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Ontario Tech acknowledges the lands and people of the Mississaugas of Scugog Island First Nation.

We are thankful to be welcome on these lands in friendship. The lands we are situated on are covered by the Williams Treaties and are the traditional territory of the Mississaugas, a branch of the greater Anishinaabeg Nation, including Algonquin, Ojibway, Odawa and Pottawatomi. These lands remain home to many Indigenous nations and peoples.

We acknowledge this land out of respect for the Indigenous nations who have cared for Turtle Island, also called North America, from before the arrival of settler peoples until this day. Most importantly, we acknowledge that the history of these lands has been tainted by poor treatment and a lack of friendship with the First Nations who call them home.

This history is something we are all affected by because we are all treaty people in Canada. We all have a shared history to reflect on, and each of us is affected by this history in different ways. Our past defines our present, but if we move forward as friends and allies, then it does not have to define our future.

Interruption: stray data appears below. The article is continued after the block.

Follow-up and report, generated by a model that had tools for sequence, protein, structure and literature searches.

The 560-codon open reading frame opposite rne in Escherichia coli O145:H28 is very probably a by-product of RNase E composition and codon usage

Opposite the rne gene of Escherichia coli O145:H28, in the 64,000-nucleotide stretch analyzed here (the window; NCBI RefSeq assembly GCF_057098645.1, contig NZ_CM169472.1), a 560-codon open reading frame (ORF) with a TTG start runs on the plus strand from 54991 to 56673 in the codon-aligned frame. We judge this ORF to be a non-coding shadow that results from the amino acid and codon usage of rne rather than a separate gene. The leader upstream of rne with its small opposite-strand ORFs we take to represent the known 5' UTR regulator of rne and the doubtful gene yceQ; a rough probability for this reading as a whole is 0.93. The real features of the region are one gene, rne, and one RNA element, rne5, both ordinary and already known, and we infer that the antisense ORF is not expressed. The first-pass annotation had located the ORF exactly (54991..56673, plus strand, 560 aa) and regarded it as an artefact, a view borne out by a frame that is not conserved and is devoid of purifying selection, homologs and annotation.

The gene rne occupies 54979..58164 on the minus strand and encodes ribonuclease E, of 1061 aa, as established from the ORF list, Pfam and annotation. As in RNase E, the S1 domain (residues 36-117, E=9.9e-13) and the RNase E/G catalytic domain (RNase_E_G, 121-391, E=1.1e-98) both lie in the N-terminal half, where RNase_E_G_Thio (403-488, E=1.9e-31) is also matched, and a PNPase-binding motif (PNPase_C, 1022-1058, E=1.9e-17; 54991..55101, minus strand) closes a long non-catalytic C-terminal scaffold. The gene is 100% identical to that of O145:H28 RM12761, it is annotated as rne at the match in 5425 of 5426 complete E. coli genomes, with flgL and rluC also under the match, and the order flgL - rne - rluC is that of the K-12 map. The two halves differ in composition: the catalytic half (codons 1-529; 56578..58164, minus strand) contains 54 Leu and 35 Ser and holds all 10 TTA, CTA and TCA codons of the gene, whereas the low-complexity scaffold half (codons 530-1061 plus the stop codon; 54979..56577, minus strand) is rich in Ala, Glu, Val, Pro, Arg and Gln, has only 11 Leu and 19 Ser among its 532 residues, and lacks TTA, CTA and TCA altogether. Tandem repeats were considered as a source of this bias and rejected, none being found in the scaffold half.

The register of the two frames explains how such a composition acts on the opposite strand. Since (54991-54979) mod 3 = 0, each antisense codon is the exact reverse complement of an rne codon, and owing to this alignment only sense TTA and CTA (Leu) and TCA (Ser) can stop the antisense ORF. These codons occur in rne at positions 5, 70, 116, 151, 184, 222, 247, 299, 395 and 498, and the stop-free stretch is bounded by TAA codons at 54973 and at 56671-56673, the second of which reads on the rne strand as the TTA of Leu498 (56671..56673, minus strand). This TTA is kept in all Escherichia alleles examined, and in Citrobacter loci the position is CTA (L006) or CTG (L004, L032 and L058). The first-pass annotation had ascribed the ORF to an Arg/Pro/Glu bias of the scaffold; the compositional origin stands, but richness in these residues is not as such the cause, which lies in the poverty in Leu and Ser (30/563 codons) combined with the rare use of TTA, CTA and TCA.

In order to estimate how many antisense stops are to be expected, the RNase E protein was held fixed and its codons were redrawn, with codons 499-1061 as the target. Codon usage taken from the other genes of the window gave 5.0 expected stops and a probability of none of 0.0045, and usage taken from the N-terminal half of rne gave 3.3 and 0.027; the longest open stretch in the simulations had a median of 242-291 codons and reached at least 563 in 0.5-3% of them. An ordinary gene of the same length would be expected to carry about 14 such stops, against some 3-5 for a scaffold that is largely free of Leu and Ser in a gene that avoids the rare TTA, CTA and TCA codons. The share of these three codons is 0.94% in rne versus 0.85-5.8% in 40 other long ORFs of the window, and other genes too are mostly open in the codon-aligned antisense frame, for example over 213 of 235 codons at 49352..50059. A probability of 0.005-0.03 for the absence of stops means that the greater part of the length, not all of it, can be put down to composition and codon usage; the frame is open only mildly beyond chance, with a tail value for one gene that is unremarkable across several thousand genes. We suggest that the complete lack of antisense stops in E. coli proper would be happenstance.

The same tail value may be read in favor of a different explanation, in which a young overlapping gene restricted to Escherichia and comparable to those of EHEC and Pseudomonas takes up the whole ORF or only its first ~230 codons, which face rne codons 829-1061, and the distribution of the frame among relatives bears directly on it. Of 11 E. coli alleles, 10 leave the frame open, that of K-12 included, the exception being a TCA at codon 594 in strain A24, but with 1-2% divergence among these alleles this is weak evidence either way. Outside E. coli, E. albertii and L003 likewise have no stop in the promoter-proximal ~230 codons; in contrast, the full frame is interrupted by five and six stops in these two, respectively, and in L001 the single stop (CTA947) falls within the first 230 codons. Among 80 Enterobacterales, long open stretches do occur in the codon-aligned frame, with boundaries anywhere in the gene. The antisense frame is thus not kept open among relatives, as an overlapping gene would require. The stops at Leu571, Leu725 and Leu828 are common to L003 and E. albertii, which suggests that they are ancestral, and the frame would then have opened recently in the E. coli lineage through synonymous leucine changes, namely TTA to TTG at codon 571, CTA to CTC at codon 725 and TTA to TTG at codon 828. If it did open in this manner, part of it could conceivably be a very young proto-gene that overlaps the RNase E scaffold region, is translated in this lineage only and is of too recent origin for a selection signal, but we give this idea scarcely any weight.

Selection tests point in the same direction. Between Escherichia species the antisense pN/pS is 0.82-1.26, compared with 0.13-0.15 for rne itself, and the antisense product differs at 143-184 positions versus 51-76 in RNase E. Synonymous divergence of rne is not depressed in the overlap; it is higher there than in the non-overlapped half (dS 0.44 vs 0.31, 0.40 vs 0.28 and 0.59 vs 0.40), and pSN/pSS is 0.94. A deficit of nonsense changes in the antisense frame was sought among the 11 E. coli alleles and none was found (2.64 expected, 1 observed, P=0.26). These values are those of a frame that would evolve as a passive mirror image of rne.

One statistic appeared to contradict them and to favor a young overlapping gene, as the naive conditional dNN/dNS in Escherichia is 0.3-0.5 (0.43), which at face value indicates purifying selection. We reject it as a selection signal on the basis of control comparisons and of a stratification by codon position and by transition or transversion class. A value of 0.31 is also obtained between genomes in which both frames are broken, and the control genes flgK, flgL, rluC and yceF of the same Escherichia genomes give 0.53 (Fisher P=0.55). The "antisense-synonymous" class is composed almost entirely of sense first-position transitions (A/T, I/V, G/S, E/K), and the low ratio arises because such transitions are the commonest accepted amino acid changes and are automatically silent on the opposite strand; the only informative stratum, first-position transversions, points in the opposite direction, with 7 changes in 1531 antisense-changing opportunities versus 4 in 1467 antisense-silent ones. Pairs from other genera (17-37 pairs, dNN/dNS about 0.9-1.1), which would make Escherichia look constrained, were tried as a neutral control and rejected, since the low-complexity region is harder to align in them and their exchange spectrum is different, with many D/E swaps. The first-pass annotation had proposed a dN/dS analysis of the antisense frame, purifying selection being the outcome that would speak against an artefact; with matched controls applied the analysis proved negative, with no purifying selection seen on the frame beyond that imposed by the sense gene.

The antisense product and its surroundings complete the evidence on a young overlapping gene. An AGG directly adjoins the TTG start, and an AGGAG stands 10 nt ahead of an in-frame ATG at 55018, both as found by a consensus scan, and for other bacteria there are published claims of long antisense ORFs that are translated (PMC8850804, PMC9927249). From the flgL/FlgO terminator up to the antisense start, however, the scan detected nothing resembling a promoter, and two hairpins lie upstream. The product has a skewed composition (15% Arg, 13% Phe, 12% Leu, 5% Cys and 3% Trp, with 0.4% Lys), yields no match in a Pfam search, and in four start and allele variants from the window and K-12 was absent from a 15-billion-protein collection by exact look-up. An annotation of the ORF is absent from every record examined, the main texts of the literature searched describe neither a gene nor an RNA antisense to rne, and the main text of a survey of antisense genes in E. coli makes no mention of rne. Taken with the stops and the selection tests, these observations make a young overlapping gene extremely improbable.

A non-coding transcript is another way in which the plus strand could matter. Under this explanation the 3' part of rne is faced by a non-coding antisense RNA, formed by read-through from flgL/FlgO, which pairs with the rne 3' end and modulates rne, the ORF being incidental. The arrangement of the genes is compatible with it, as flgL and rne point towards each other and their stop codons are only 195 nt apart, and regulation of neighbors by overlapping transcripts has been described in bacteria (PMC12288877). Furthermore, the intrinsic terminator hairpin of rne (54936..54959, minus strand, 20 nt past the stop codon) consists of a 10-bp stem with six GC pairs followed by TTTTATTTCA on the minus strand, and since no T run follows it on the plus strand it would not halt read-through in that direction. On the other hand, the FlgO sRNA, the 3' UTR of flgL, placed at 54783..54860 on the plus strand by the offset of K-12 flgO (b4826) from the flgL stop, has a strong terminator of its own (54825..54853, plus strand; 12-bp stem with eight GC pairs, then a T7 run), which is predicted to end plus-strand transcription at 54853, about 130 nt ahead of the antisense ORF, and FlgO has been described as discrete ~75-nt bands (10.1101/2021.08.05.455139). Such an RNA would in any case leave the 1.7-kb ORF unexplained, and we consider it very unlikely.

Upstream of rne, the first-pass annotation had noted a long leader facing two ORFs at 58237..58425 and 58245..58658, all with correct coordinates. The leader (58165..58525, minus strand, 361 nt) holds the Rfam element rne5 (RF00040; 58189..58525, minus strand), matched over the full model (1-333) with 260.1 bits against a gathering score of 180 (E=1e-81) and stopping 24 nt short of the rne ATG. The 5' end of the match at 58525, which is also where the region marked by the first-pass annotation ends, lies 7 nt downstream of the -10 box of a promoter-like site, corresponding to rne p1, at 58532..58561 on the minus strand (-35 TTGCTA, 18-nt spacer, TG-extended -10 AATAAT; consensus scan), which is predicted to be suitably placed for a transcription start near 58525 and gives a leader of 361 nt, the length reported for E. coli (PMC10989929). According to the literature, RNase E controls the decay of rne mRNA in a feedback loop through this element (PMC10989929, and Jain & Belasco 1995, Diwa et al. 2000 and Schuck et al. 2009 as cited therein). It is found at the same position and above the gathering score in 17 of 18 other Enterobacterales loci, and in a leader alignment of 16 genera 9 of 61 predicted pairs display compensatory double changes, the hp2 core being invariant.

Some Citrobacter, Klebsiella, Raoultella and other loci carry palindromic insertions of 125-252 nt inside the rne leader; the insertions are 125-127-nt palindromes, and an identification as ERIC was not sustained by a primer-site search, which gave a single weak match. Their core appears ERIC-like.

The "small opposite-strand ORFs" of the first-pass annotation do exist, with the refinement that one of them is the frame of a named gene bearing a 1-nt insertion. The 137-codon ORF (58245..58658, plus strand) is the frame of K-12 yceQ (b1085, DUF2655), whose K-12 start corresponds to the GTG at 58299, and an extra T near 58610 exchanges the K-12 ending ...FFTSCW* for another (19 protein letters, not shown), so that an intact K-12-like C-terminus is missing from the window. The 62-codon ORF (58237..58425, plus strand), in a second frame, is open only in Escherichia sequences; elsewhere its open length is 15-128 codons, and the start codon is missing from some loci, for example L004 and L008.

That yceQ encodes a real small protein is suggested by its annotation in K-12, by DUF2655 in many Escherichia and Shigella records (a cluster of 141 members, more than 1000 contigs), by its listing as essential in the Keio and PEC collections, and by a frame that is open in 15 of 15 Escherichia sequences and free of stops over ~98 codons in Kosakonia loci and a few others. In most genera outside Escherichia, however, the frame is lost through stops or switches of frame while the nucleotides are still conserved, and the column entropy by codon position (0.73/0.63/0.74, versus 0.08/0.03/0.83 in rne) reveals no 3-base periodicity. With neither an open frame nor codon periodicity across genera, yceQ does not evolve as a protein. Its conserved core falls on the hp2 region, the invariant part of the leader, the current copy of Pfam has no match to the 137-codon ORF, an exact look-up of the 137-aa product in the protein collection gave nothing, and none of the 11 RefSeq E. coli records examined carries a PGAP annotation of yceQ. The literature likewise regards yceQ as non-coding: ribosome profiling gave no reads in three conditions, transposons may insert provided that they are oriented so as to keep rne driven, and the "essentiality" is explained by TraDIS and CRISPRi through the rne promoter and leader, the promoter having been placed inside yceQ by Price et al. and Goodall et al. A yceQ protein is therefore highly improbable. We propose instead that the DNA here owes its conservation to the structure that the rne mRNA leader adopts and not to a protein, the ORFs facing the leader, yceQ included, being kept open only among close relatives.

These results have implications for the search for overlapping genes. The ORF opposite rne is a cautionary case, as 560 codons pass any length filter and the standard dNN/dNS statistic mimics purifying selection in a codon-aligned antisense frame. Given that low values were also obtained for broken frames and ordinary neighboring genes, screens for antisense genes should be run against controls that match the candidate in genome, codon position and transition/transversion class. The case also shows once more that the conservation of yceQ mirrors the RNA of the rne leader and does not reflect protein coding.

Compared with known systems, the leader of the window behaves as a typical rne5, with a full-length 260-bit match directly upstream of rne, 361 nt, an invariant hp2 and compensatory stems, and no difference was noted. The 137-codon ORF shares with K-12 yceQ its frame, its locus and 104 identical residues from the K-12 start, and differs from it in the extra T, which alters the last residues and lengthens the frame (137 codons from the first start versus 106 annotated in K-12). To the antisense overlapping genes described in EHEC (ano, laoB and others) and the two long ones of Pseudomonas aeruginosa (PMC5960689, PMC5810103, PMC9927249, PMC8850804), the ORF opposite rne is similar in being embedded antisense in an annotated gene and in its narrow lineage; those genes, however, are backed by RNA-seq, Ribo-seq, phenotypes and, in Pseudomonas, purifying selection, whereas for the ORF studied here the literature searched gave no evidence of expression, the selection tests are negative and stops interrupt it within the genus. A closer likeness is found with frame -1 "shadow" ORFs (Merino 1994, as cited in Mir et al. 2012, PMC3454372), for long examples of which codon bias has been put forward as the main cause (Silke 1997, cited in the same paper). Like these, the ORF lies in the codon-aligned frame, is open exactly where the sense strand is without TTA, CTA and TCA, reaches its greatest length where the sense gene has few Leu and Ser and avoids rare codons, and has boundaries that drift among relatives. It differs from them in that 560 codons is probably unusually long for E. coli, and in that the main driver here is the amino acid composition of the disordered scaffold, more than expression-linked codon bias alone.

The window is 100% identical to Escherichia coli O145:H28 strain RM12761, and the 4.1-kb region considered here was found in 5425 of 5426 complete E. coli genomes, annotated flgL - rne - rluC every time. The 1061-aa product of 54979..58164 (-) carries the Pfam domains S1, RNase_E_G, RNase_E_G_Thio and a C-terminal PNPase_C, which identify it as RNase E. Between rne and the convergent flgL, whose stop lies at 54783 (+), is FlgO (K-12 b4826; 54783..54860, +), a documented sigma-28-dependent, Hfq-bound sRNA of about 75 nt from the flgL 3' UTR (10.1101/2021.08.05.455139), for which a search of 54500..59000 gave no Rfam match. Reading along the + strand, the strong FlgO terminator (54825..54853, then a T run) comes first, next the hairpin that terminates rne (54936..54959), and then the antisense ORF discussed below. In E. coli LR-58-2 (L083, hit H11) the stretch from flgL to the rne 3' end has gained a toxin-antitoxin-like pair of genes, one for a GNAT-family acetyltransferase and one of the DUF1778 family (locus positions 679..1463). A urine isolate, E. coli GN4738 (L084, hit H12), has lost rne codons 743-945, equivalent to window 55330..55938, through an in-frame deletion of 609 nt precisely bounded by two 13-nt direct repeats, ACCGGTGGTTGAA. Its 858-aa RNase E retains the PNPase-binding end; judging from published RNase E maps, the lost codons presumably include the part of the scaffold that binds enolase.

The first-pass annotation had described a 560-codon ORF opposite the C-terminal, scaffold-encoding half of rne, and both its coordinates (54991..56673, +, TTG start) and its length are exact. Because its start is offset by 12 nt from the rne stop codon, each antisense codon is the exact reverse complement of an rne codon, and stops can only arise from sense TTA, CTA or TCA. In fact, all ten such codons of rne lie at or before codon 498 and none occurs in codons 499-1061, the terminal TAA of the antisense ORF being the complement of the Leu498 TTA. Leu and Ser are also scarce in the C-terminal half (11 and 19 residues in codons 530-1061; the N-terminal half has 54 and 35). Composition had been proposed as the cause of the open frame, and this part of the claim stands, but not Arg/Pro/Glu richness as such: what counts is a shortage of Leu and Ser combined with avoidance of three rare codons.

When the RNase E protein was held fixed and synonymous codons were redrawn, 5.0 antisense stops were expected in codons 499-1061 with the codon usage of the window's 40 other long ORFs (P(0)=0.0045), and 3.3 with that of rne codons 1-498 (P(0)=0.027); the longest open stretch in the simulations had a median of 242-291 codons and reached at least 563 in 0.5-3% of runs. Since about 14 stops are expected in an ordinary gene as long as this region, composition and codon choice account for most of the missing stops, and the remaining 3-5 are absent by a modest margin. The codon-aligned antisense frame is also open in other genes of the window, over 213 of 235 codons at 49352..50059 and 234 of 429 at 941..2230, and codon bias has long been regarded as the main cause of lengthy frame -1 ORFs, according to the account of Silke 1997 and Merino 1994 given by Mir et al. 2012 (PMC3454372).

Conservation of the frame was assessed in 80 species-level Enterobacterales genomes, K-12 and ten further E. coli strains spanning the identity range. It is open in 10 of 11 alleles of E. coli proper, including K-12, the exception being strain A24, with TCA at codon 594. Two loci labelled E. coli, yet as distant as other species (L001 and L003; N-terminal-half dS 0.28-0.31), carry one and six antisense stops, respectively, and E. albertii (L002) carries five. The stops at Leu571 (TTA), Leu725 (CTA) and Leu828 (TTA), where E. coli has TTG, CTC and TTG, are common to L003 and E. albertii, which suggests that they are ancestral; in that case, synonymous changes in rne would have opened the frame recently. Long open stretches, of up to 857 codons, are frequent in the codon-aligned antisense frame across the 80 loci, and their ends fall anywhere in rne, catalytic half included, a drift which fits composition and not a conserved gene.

Learn more about Indigenous Education and Cultural Services

Gender identity

Some individuals identify themselves as transgender, while some individuals may not identify with gender binary, meaning they do not identify themselves as being male or female.

The university uses she or he for subject-specific references and plural pronouns such as they, their and them for non-subject-specific references.

For example: (subject-specific): Barbara Perry, PhD, is a professor in the Faculty of Social Science and Humanities. She is a leading expert in hate crime.

For example: (non-subject-specific): The student studied in the Library for an upcoming test. Their computer was not working so they contacted the IT Services Help Desk.